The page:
As we find ourselves in the midst of the season of giving once again, I am reminded of something I have struggled with for years. Despite the significant benefits their charitable works produce, I regret the fact that a significant portion of teens who participate in community service might not have their hearts set in the right place. In middle school, leadership held school-wide class competitions, rewarding winning classes with pizza or Jamba Juice for collecting the most canned goods for the Thanksgiving food drive or donations for the leukemia fund. Students who were part of the school's community service group were rewarded with off-campus lunches or amusement park trips. In high school, students rush to join organizations like National Honor Society, Key Club, and the California Scholarship Federation - popular service-based groups on local campuses where students receive points for participating in community service events. However, many do so with the intention of having one more club or activity to add to their college resume.
So, do the extrinsic incentives offered for good works somehow negate the good of the service given? And if so, how much does it really matter? After all, the person on the other end still receives the benefit of the action. Still, I am saddened by the reality that internal motivation does not drive a significant portion of community service. By offering material compensation for good actions, kids are stripped of the ability to reap the fulfilling intrinsic rewards that come with helping others. In a sense, the joy of giving has been replaced with material objects. Our society is breeding a generation of kids who rely on external motivation and rewards. As the current youth grow older, and material compensation is no longer provided for charitable service, what happens to this drive to serve? I must assume that in many, it disappears altogether.
John Wilson, a senior at SRVHS disagrees.
"I wish people didn't need rewards to do community service, but I think charitable work is important enough that if rewards are necessary, they should be used," said Wilson, who is an active member of Key Club International. "Rewards don't undo the good of the work, because those who receive the benefits of community service don't care about the motives of the individuals who help them. The work is still good even if what's behind it isn't.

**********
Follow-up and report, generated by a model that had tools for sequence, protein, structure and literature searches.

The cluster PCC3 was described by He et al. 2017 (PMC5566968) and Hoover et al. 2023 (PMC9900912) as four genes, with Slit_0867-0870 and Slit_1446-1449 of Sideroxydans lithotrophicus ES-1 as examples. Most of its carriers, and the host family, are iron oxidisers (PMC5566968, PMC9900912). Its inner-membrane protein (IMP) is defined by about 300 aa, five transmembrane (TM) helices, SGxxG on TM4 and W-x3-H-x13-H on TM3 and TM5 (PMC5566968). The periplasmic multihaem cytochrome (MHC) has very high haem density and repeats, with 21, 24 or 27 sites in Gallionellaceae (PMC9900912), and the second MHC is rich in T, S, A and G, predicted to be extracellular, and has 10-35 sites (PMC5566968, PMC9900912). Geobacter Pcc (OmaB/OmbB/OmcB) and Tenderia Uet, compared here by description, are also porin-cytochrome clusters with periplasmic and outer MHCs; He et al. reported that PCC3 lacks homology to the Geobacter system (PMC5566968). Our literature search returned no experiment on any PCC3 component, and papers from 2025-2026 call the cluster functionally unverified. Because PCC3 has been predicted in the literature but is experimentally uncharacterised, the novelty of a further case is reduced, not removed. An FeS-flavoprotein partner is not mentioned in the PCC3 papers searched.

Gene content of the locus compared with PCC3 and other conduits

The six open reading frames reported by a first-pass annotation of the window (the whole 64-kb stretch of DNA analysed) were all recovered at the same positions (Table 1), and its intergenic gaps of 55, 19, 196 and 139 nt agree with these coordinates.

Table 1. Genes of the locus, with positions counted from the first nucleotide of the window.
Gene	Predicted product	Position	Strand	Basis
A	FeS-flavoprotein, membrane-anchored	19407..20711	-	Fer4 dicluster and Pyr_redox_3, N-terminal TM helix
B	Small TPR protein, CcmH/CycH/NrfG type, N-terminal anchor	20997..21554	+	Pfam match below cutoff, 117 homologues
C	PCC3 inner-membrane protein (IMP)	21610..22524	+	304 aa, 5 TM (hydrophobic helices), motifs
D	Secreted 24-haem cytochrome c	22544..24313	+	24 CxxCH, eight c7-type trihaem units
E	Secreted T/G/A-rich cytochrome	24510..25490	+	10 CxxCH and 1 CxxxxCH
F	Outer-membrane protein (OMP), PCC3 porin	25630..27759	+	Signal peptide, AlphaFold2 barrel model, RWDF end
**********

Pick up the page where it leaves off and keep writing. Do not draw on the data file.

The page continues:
"I personally joined Key Club because I felt that I needed to have ties to a community service organization for college," he continued. "I think the majority of teens serve because of that little box on their college applications that says: 'Please list all the community service opportunities you have taken advantage of through out high school.'"
Senior Ellen Murphy, a member of Interact, Key Club, and Leadership at SRVHS gives teens more credit.
"I think teens become involved in community service out of the goodness of their hearts," she said. "Everyone knows it feels good to help someone else. I personally feel a great sense of satisfaction in helping other people. As far as rewards go, it obviously gives the giver more personal satisfaction to know they did a selfless act of charity rather than one for which they were rewarded. Still, rewards don't necessarily negate acts of charity; maybe they just diminish its self-fulfilling value."
Amanda Swenson, an SRVHS junior and participant in several different community service activities, had an alternate take on the subject.
"Perhaps the majority of teens, especially in affluent communities, are driven to participate in community service by a desire to gain social acceptance, and by pressure to be a 'good' child," she said. "However, teens can also be motivated by the social aspects of involvement in service organizations, or by the desire to share a passion they have with the larger community."
I can relate to this drive to share my passions and talents to others through service. As a piano player of 10 years, I have found my niche in the community playing a repertoire for various local nursing homes and care centers. The ability to use my talent for a greater good and to share something I am so passionate about with the broader community probably brings me more joy than it does my audiences.
For whatever reason teens choose to serve, I suppose it is for the best. Maybe doing community service during adolescence (even if for some external reason or reward) sets in place the habit of serving that lasts a lifetime. Serving the community and helping others gives individuals a sense of responsibility, purpose and the feeling of being needed by somebody - a feeling we all need to keep our sanity.
The 411 offers information and insight on the teen scene by Katharine O'Hara, a senior at San Ramon Valley High School who spends her free time going to concerts, enjoying her friends, and playing the piano. E-mail her at firstname.lastname@example.org.